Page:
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Hazard Alert! The availability of certain newer needleless IV system connection ports makes it possible to inject fluid into the valve of these connectors with an oral syringe

 

From the November 27, 2002 issue MSA Acute Care Edition Newsletter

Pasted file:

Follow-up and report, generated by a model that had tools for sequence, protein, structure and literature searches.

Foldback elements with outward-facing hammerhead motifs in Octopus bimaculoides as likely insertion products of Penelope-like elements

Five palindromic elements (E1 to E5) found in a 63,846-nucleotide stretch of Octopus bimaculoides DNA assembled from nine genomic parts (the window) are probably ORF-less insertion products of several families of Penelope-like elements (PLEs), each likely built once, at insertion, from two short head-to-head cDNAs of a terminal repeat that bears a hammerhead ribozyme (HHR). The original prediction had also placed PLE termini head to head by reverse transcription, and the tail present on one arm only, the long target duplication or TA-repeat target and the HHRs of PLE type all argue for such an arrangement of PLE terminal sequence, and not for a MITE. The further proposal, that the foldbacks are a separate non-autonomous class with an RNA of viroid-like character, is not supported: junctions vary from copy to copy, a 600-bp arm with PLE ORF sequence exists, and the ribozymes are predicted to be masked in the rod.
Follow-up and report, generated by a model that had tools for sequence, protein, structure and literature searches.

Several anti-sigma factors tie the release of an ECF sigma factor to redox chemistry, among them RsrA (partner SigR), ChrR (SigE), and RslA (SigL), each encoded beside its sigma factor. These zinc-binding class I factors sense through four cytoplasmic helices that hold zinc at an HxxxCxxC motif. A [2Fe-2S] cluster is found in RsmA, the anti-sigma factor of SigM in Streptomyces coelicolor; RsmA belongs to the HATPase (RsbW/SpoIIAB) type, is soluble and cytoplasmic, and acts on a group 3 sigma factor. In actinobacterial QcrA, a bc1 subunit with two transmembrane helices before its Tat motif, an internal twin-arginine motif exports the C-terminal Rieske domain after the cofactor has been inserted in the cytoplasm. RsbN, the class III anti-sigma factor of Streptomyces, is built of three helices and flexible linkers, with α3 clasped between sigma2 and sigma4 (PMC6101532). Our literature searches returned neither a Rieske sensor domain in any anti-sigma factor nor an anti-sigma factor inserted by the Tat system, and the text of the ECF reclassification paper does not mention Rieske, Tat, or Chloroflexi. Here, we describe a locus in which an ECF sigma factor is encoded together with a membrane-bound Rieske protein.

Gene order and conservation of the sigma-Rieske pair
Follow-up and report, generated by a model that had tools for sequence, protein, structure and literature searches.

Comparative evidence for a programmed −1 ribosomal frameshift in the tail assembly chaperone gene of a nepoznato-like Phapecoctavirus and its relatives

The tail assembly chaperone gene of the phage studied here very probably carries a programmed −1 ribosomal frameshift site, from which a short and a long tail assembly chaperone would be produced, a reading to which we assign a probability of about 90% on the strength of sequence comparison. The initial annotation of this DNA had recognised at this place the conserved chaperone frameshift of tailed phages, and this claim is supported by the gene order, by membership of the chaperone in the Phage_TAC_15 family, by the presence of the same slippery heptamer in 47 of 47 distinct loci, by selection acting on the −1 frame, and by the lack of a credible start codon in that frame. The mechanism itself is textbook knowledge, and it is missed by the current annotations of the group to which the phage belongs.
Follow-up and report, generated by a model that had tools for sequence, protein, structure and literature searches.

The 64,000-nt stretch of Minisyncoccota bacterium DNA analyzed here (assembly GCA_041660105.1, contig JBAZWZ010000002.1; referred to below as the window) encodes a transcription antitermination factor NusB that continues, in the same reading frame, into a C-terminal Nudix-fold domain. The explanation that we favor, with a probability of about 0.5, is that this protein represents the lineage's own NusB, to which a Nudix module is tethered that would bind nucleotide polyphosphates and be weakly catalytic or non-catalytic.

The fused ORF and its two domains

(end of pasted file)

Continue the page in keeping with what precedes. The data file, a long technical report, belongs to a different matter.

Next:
The availability of certain newer needleless IV system connection ports makes it possible for determined individuals to actuate the valve of these connectors with an oral syringe and thereby inject the fluid into an IV line. This problem was confirmed with the two major US manufacturers of oral syringes, Baxa and Becton Dickinson. According to a posting on Baxa's website (www.baxa.com) this Monday, an internal investigation showed that the following needle-free IV access valves all allow connections with an oral syringe: Porex KippMed NAC Needleless Access Connector, the B. Braun UltraSite, the FilterTek NeedleFree Connector, BD Posiflow Luer Access Valve, and Baxter ClearLink. To attach an oral syringe to the valve and inject oral liquid, it's necessary for the clinician to precisely align the tip of the oral syringe with the valve and apply forceful pressure on the plunger to open the valve. Even then, there might be some leakage around the valve. This is similar to a situation we wrote about in our May 8, 1996, issue where we noted that the injection port of B. Braun Medical's SAFSITE Reflux Valve needleless system could accommodate the tip of a Baxa oral syringe. Soon thereafter, Baxa redesigned their oral syringe to prevent all possibility of this happening. We've been in touch with Baxa during the past two weeks to discuss the current situation. Already, engineers at Baxa have developed prototype product modifications to address this new problem and they are notifying their customers. We applaud the quick action by Baxa to help solve this problem. On the other hand, we can't overlook the fact that a full failure mode and effects analysis (FMEA) on the new needleless IV system connection ports by their manufacturers, before introduction to the market, could have identified and corrected this problem up front. Until newly designed devices reach the market, we would highly recommend that you alert clinical staff to this situation if you are using any of the newer needleless IV systems. Also, oral syringes used in hospitals should always carry an auxiliary label that boldly indicates the enclosed liquid is "FOR ORAL USE ONLY."

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